For all tick-borne diseases it is prudent to prevent ticks from attaching themselves to your animals.
For large herds and flocks the common method of prevention is through immersion in a medicated solution in a dipping tank, or by wetting the animal overall in a spray-race. Such facilities are, however, not warranted for a smaller number of animals, for which injectible vaccines, pour-on and sprayon preventative measures are more cost-effective. Few smallholders will keep enough livestock to justify the expense of building a concrete dip or spray race.
Hand spraying, mostly using a knapsack sprayer is the cheapest way of applying parasiticides to all kinds of livestock. Most products available for plunge dipping, spray races and power spraying are available for hand spraying as well, just in small packs of 10 to 50 ml, enough to fill one or two knapsack sprayers once they have been diluted. Each animal must be treated thoroughly until it is completely wet, including the udders, the belly, below the tail, etc.
Theoretically two to five litres (depending on the animal’s size and the hair coat) of spray wash are needed for each sheep, goat, horse or cow and one litre for each pig. Do not spray a whole group of animals at a time, as they will not get full coverage of the spray. Hand spraying is quite wasteful of the acaricide.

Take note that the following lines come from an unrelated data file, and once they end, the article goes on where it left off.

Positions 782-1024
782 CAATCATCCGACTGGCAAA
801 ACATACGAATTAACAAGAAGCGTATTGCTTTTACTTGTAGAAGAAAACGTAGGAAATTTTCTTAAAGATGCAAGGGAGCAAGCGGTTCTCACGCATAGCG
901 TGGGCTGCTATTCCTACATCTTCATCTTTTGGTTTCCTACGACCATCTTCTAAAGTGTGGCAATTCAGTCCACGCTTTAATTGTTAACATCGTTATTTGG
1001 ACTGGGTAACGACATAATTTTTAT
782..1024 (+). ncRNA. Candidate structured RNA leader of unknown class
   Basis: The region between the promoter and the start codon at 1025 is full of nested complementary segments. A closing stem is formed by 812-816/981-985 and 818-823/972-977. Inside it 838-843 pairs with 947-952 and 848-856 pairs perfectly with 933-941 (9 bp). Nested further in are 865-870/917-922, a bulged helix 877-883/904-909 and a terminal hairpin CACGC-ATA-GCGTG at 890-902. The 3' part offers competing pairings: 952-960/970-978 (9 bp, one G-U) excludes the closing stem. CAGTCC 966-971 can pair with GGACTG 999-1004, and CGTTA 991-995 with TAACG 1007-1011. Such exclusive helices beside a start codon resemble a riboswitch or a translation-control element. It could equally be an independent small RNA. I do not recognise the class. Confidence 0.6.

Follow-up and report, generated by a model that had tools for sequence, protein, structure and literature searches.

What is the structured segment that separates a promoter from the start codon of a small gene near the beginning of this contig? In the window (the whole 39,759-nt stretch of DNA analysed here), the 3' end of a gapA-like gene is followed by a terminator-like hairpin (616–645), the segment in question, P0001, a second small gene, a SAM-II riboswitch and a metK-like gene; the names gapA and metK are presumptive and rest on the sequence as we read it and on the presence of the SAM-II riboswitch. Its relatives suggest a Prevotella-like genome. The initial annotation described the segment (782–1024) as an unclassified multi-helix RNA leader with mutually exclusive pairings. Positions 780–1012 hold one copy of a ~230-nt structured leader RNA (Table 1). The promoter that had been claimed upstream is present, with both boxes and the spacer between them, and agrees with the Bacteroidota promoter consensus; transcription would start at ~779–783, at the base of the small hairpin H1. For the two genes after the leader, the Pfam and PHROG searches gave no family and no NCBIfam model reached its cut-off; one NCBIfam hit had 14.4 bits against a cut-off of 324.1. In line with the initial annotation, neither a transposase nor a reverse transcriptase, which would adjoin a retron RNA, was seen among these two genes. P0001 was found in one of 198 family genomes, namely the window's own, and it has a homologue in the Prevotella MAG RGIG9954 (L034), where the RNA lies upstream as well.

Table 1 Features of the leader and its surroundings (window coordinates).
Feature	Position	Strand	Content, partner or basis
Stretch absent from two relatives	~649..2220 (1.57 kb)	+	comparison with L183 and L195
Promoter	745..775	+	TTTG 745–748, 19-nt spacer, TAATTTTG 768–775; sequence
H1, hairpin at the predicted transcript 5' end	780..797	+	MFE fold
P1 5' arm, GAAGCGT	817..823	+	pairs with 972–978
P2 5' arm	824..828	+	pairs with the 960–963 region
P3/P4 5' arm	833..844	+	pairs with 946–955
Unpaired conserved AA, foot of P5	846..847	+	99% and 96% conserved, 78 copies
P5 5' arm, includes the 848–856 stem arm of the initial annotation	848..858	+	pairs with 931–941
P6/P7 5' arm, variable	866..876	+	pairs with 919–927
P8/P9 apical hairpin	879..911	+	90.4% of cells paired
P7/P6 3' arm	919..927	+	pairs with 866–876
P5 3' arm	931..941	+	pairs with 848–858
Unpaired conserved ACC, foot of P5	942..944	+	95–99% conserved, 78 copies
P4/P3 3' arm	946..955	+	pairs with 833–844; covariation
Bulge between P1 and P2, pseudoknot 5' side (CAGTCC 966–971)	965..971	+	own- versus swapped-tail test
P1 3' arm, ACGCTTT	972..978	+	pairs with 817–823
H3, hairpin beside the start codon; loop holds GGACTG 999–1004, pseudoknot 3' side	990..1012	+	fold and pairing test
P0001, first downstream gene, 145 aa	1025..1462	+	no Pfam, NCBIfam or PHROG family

Pour-on formulations of acaricides consist of a high quality oil which spreads through the greasy hair coat of livestock. It contains typically 1% of the active ingredient of the acaricide. An adjusted amount of the pour-on is applied according to the weight of the animal. Pour-on formulations are expensive to buy but there is no wastage and they can be cheaper per animal in the long term.
Oily formulations can be applied as selective spot-on treatments. Similarly, if an acaricide is formulated in a grease then ears and other sites can be treated. It would help if you are able to construct a crush, which is a kind of cage, in which the animal can be restrained while you administer the pour on treatment. How often you apply acaricide depends on the species of tick and the livestock that you keep. Too many applications of acaricide can lead to the ticks becoming immune to the treatment, while not enough can lead to poor condition or even loss of your animals. Strategic treatment is a system that uses ecological knowledge of the seasonal cycle of ticks.
Get advice from a livestock veterinarian in your area. You also need to look at the pasture management. Holistic parasite management must also include how you manage the grazing. In order to decrease the parasite load in the pasture, we need to reduce the length of stay in a pasture, by rotating amongst camps. Ticks do not survive for long on pasture that is either heavily grazed and thus short and dry, or in areas where pasture land is rotated with crops.
When intensively farmed land is fenced, it is possible for cattle pastures to be cleared of ticks, by a combination of management and acaricide use, and then maintained tick free. Burning of pasture grasses kills many ticks but should only be used when the main reason is to improve grazing availability. You might also need to spray the pens where the livestock are kept at night.
This is part two in a series on ticks. For more, click here.